February@POLIS

Happening@POLIS – February 2017

Last month POLIS launched “The Purple Project” by leading and collaborating on a series of events aimed at finding common ground among Red and Blue America.  This month we begin putting this idea into action.

 Hyper-partisanship, a breakdown in civility, policy-making gridlock, and other pathologies of modern politics have caused many Americans to lose trust in our political institutions.  But in dorm rooms and locker rooms, at Greek parties and in dining halls, Duke students with varied viewpoints challenge each other on many of the day’s most contentious issues.

In the halls of government, such difficult topics don’t often invite civil discourse.  But on Duke’s campus, many students want to hear what the other side thinks.  They want to better understand the foundations of others’ beliefs.  They want to learn how others’ experiences have shaped their world view.

The new Devil’s Discourse Podcast captures these tough, honest, and respectful conversations, proving how constructive dialogue is a vital first step toward jumpstarting meaningful collaboration and sound policy making.  The goal is not agreement; it’s about respecting another’s right to think differently.

Each week, two Duke students with opposing views will discuss a topic.  Each conversation will be unscripted and unedited.  Throughout this semester, these students will continually remind us how no ideology has a monopoly on the best ideas, and how opening ourselves up to new concepts–even if we don’t agree with them–is a key ingredient to personal growth.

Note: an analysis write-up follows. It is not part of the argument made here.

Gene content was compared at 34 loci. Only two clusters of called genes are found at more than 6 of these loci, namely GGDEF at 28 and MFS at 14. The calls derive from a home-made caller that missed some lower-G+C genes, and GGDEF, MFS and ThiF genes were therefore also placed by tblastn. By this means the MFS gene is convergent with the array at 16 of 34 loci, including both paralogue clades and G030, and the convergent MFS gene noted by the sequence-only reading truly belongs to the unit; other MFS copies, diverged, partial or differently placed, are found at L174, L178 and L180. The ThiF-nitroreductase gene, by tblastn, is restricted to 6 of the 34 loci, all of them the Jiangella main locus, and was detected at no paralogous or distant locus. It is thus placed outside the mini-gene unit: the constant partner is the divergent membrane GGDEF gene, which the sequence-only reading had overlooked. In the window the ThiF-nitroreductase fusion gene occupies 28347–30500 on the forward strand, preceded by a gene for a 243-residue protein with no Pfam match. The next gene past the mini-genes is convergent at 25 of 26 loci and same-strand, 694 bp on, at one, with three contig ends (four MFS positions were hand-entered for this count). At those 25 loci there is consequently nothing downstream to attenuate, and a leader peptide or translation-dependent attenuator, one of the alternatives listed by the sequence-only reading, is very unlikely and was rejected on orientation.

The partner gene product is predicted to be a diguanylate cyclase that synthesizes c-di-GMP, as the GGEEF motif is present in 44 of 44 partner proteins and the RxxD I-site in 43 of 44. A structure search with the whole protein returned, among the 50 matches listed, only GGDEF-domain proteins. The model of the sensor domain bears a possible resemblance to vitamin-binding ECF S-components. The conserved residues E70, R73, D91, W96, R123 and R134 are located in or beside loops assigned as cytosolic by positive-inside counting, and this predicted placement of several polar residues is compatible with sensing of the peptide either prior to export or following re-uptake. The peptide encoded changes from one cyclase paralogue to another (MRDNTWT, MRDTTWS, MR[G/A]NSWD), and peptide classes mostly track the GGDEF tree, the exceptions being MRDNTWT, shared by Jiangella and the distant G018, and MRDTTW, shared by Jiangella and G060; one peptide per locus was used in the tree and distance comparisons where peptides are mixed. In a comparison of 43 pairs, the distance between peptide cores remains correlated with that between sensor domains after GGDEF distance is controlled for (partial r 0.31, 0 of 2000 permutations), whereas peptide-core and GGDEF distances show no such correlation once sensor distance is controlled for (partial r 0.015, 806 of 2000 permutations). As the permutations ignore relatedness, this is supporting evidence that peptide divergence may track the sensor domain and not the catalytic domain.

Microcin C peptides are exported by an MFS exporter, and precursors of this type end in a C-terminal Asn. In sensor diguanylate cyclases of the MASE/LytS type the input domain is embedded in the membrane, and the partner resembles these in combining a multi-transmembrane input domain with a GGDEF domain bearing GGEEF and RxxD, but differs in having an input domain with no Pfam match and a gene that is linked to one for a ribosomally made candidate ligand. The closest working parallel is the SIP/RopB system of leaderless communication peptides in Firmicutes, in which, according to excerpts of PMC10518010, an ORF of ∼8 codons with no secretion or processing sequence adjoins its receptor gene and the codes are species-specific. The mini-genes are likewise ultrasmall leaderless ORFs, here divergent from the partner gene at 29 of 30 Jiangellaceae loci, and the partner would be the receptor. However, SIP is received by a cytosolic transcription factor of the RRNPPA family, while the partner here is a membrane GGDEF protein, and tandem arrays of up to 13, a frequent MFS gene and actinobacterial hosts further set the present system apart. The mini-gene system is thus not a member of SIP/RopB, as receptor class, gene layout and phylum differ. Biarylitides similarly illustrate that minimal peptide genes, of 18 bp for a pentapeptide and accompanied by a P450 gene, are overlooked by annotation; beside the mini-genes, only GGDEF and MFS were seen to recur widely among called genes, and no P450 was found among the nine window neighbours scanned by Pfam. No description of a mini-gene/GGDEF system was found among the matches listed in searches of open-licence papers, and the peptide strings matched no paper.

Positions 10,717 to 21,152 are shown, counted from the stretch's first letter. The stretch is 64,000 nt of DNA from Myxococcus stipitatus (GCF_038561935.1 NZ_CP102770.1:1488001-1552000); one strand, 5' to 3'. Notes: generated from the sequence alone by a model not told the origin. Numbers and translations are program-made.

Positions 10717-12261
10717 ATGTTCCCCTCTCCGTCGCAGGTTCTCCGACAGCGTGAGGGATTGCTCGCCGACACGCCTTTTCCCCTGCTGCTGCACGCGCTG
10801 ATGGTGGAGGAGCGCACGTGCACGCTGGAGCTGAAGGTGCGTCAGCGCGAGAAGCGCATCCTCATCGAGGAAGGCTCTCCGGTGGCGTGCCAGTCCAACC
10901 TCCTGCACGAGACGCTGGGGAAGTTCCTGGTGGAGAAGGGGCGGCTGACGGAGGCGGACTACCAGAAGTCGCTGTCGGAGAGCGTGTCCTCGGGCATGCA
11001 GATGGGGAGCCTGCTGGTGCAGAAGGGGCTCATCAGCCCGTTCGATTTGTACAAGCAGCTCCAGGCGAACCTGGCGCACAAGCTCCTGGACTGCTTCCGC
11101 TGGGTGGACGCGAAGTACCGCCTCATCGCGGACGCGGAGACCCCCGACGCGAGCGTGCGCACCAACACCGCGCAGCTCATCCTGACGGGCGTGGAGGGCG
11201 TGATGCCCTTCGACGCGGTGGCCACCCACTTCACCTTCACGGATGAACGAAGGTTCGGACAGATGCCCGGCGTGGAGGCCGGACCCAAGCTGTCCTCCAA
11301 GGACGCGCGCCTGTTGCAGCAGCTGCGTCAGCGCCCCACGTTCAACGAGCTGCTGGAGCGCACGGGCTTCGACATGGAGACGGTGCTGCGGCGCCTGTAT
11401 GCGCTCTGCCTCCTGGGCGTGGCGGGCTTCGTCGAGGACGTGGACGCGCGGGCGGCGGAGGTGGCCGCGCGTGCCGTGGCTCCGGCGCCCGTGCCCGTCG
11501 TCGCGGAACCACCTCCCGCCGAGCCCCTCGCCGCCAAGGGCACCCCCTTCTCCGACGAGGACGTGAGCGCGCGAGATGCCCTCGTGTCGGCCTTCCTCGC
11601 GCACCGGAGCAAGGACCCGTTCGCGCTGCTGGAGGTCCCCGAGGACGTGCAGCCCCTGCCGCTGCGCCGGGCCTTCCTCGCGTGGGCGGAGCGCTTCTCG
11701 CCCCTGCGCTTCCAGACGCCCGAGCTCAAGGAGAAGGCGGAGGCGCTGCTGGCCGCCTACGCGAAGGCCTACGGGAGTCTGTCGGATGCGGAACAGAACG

Today we’re launching Episode 1.1: “Safe Spaces,” featuring sophomore Adaiya Granberry and first-year student Nico Coleman.  It’s available on iTunes (https://itunes.apple.com/us/podcast/duke-universitys-devils-discourse/id1194113467?mt=2) and Sound Cloud (https://soundcloud.com/user-853595532).  A new episode will be released each Wednesday through the end of the school year.

We hope you’ll listen in and give us feedback.  And as always, thank you for your support of Duke and of what we’re trying to do here at POLIS.

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